This CFR Backgrounder looks at the future of the Muslim Brotherhood, Egypt's largest opposition movement and a standard bearer for Islamist groups around the world.
In this CFR Expert Brief, Ed Husain holds that if the Brotherhood is to become a viable political force in the years ahead, it must eschew publicity and focus on reform. Mr. Husain advises the group to divorce itself from Salafi factions and become more inclusive of women and youth.
Join CFR at AAR in Baltimore!
CFR's Religion and Foreign Policy Initiative will be exhibiting at the American Academy of Religion (AAR) Annual Conference in Baltimore, Maryland. If you plan to be at AAR this weekend, drop by booth #253 in the Baltimore Convention Center to learn more about our initiative and collect complimentary copies of Foreign Affairs magazine and other CFR publications!
CFR's Southeast Asia expert Joshua Kurlantzick considers the devastation left by Typhoon Haiyan, and suggests it was made worse by the poor quality of infrastructure in the Philippines. He writes "...the Philippines is one of the most unequal and corrupt countries in Asia, funds for housing projects, roads, and seawalls and other public monies routinely vanish into the pockets of political dynasties."
If public pressure forces the government to prioritize upgrading infrastructure and crack down on graft in construction projects, there might be a positive outcome of this tragedy.
Chinese authorities moved quickly to comdemn last month's suicide attack in Beijing's Tiananmen Square by a group of Uighur extremists from China's Xinjiang province, a Muslim-dominated region in the far northwest. According to CFR's Senior Fellow and Director for Asia Studies, Elizabeth C. Economy, "past violence in Xinjiang has been met by Beijing with highly repressive policies," which has done "little to address the real sources of its Xinjiang problem, which are economic, political, and cultural."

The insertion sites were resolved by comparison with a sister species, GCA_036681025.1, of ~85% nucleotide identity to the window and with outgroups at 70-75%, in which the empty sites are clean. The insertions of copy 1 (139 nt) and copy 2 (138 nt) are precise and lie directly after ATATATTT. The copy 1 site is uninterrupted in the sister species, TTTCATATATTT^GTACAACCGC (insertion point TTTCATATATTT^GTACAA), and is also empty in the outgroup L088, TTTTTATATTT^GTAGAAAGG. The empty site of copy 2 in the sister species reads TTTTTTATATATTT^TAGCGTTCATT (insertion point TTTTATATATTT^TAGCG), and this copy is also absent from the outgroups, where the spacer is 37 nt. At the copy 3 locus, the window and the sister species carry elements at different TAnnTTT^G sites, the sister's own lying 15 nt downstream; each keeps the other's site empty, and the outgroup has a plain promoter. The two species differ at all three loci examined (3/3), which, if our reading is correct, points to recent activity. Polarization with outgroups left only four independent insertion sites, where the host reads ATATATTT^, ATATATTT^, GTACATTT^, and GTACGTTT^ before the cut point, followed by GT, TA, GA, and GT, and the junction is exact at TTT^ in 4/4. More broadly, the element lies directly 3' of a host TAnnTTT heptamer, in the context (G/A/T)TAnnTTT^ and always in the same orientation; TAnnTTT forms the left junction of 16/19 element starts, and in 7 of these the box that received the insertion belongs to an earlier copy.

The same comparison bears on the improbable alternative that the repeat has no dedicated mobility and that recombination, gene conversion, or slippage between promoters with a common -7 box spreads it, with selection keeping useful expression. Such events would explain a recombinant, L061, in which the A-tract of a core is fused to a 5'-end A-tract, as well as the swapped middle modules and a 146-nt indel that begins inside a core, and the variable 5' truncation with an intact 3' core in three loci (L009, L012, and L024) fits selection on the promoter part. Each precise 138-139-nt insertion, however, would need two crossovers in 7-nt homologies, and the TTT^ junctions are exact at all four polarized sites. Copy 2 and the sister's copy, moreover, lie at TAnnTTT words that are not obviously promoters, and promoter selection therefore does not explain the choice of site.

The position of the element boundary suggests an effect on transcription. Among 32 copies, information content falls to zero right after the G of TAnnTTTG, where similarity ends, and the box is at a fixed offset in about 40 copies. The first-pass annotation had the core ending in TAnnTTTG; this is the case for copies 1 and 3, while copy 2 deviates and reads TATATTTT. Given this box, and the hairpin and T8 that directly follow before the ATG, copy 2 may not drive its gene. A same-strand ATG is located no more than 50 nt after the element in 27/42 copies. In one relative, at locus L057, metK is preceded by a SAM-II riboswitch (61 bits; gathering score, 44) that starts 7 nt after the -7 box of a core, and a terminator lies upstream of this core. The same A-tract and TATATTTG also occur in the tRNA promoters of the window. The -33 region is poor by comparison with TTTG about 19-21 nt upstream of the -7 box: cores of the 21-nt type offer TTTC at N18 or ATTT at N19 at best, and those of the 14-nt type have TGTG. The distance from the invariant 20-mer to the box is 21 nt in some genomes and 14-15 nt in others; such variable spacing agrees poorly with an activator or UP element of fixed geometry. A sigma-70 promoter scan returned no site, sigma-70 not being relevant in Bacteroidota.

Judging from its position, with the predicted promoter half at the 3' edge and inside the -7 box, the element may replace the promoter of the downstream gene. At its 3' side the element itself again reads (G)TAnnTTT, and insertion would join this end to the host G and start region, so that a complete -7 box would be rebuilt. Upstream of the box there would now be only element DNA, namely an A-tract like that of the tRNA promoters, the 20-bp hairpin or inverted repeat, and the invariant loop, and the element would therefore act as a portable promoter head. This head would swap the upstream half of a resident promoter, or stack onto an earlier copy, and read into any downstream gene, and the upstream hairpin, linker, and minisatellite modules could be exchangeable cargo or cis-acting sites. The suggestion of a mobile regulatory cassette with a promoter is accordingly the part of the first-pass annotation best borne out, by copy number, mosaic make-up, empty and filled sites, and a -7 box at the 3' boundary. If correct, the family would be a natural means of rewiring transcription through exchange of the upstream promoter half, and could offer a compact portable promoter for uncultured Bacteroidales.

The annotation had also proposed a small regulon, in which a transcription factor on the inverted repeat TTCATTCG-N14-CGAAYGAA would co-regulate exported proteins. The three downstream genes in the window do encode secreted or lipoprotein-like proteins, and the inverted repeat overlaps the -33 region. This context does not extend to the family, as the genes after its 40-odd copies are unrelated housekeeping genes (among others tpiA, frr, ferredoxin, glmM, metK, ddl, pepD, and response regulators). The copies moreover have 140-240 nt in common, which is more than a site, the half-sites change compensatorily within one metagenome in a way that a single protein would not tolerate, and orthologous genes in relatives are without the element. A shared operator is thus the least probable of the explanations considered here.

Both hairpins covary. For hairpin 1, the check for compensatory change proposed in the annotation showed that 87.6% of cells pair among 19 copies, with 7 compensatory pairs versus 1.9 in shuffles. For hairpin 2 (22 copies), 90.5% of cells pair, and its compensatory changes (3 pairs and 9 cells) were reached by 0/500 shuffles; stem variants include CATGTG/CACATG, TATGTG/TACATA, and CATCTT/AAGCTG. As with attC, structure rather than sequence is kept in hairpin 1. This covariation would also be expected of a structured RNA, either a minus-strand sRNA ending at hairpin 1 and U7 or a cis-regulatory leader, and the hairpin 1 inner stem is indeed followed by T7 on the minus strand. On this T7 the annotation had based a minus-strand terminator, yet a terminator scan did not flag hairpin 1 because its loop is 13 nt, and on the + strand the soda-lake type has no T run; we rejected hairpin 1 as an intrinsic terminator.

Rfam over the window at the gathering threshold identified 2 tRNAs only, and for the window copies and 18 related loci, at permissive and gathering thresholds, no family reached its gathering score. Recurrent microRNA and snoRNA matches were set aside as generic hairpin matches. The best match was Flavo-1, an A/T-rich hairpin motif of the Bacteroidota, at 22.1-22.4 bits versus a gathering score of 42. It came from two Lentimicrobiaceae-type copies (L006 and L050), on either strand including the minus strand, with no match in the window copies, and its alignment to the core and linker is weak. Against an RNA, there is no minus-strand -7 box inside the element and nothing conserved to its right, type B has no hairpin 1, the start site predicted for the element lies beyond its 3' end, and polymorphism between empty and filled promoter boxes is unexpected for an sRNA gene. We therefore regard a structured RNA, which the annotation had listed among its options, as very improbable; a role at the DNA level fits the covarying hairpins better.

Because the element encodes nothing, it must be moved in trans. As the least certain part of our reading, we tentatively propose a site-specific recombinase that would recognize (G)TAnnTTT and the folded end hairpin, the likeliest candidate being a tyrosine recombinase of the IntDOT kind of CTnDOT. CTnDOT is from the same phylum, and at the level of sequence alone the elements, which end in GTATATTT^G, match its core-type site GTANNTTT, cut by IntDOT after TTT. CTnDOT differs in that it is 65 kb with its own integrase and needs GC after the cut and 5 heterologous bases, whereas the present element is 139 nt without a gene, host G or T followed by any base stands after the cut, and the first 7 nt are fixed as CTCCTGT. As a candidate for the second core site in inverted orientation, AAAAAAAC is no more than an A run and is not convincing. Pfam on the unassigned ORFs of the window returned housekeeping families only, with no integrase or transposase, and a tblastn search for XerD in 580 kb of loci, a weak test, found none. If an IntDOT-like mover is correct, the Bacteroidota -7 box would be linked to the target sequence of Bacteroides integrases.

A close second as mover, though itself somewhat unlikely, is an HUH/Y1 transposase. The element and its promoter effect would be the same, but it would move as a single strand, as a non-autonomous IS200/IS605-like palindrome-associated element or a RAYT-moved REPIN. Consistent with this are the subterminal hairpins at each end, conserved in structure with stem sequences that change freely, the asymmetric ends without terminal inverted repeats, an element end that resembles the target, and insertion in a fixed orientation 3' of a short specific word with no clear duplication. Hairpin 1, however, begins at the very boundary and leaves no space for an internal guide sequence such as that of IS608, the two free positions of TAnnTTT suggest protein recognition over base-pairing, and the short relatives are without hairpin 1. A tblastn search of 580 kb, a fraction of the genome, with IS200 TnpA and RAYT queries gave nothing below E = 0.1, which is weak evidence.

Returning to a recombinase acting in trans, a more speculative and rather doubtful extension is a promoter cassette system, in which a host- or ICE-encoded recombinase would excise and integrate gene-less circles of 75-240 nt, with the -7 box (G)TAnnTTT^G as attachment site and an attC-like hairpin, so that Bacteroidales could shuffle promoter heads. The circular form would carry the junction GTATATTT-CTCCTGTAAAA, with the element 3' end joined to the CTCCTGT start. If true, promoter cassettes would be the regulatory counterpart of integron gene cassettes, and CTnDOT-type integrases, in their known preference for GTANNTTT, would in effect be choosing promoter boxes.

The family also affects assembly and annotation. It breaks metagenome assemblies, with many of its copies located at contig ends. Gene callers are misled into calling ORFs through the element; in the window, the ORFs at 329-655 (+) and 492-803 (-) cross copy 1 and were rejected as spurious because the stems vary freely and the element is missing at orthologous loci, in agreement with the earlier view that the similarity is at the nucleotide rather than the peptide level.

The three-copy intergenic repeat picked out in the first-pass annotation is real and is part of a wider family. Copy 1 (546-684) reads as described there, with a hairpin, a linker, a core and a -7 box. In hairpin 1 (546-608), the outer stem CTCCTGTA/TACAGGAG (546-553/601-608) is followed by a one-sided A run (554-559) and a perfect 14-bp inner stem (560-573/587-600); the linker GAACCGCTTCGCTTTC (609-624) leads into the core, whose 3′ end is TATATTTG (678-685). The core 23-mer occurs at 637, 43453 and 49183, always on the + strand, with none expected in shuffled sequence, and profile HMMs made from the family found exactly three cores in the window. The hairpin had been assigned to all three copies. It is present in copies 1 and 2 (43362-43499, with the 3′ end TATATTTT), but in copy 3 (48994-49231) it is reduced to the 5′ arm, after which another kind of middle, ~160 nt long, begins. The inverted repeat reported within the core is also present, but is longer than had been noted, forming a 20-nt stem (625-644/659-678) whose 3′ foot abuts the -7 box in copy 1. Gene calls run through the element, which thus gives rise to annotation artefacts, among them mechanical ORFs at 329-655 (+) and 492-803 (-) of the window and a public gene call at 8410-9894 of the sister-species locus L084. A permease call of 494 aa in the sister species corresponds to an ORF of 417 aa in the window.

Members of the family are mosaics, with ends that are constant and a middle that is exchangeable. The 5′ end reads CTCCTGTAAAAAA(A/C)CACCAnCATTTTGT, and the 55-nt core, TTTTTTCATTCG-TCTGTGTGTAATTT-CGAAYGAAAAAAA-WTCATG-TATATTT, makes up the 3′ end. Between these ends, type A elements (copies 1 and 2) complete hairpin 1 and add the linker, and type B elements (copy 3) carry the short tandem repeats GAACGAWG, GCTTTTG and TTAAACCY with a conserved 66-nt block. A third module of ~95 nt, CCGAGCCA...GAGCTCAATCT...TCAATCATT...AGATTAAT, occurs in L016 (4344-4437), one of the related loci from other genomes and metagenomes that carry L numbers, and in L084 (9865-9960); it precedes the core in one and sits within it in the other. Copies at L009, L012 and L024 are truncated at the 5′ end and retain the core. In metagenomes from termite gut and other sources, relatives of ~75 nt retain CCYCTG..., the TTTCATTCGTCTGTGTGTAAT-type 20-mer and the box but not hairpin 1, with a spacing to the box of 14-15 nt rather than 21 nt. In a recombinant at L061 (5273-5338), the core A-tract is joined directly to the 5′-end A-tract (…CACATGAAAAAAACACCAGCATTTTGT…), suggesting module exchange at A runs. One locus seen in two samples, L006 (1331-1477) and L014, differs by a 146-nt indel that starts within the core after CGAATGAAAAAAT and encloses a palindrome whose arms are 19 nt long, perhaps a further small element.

Visit CFR's "Asia Unbound" blog to learn what Beijing could do to alleviate tensions.
CFR's President Emeritus Leslie H. Gelb argues that "the primary strategic threat to the United States and its allies in the Syrian conflict is the potential triumph of radical jihadist fighters." In this CFR interview, Dr. Gelb urges the Obama administration to encourage moderate Sunni rebels to ally with the Assad regime to forestall this risk. Read more »
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